An investment of $US33 million is being made to upgrade maritime infrastructure in the Marshall Islands.
The country's president, Hilda Heine, said significant planning was underway for the Maritime Investment Project, which will be officially launched next month.
Upgrades would include the repair of quays, wharves and other structures, Dr Heine said.
The project would also usher in improved safety of port operations at main centres and outer island docks and strengthen maritime transport across the country, she said.
Under the funding package, $US12.35m is to be invested into maritime infrastructure and $US7.65m in maritime safety and security.
Additionally, $US13.12m has been allocated for technical assistance for port planning and project management.
Dr Heine said the project would also improve the reliability of connections between the capital Majuro and outer island communities.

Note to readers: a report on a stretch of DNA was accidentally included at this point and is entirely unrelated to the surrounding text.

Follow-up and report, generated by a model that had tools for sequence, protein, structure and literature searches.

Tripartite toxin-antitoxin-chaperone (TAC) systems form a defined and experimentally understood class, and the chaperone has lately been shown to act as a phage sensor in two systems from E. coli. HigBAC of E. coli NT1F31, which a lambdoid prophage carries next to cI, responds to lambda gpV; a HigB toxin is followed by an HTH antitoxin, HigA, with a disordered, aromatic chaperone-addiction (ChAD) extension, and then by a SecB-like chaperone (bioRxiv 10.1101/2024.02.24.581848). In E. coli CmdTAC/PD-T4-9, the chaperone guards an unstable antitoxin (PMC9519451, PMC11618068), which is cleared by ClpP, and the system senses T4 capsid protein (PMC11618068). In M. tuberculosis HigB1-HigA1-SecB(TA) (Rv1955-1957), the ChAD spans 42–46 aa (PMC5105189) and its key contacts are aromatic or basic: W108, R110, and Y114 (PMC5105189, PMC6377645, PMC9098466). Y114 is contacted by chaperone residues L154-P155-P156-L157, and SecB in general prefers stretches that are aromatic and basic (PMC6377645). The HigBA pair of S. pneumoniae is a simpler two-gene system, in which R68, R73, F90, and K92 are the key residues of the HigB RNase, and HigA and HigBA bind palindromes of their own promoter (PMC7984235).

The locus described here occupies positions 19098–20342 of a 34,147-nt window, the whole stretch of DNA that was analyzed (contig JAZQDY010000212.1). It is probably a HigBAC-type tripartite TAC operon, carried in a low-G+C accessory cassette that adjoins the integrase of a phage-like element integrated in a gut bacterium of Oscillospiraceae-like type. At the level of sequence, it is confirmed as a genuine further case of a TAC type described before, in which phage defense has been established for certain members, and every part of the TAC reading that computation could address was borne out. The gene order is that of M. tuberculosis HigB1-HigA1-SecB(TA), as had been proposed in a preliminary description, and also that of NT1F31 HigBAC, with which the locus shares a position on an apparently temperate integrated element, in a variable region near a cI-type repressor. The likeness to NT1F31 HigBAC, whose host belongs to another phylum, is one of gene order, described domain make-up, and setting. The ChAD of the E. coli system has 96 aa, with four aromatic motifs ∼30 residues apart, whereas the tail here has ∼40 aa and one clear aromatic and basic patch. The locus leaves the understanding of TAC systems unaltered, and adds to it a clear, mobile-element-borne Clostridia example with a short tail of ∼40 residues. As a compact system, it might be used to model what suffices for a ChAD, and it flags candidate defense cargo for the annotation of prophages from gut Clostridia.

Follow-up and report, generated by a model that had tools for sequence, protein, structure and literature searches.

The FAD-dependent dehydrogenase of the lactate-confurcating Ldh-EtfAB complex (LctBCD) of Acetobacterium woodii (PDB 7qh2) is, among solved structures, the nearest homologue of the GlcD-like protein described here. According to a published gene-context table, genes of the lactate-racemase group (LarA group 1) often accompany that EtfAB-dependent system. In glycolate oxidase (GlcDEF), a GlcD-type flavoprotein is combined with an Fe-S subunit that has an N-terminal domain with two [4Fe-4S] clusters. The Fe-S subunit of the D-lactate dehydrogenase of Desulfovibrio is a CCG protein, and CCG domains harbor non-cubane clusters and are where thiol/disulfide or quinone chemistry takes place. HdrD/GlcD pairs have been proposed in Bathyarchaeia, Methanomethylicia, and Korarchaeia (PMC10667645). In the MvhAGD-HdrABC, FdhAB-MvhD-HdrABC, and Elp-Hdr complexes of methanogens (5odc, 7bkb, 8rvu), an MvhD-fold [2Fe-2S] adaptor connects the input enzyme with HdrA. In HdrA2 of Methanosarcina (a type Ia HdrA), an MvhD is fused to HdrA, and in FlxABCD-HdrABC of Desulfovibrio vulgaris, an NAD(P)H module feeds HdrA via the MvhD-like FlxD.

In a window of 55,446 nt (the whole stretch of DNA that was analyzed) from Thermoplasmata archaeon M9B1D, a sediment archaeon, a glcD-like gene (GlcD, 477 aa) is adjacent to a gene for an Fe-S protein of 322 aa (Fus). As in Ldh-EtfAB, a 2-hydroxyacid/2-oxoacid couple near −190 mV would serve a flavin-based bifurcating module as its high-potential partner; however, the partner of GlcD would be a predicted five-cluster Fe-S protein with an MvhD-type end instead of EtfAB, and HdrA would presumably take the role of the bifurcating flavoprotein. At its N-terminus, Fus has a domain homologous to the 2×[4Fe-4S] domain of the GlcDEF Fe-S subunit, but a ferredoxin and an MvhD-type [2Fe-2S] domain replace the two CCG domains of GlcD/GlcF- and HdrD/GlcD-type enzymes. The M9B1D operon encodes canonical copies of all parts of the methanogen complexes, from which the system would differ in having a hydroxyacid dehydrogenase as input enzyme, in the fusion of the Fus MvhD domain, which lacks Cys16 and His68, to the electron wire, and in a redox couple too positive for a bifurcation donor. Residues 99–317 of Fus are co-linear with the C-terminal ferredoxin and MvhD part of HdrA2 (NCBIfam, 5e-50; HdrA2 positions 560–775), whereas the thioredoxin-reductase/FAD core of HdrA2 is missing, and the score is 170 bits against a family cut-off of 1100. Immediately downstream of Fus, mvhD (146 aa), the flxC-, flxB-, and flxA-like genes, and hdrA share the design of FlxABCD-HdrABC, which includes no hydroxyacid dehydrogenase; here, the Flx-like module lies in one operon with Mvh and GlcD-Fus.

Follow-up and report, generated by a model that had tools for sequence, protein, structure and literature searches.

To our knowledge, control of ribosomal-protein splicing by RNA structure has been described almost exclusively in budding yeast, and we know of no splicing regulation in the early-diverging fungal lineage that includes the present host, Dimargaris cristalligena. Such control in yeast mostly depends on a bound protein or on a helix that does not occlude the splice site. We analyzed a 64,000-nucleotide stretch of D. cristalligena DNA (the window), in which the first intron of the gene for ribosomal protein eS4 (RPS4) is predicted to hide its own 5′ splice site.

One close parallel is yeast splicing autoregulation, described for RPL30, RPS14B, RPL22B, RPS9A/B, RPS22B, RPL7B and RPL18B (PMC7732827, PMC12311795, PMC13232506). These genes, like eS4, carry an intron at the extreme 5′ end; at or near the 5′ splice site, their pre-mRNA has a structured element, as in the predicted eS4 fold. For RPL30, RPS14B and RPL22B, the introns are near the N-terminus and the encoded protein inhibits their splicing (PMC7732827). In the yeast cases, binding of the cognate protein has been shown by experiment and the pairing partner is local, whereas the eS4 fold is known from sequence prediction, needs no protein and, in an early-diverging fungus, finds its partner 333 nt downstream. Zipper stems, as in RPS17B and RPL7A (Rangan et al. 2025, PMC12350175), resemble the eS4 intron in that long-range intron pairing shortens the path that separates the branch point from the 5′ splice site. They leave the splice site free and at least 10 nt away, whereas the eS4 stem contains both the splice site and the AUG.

"The project will also help build resilience to climate change, which is a significant threat to maritime operations, with sea-level rise accelerating the rate of coastal erosion and the deterioration of key port infrastructure," she said.
The project, funded through the World Bank's International Development Association, is being implemented by the Marshalls' Ports Authority, its ministries of Transportation and Communications, Finance, Justice, and the National Disaster Management Office.
The Marshall's Minister for Finance, Banking and Postal Services, Brenson Wase, said work on the project began in May and was expected to continue until August 2024.
"Work is underway to recruit a project manager and strategic planning has started into the safety and security needs of our maritime infrastructure," Mr Wase said.
"We are looking to set up a centralised implementation unit housed in the Division of International Development Assistance, which will be a shared resource with the World Bank.
"The Maritime Investment Project will improve our country's resilience to natural disasters and climate change, and will strengthen communities' access to food, water, fuel and emergency response services," he said.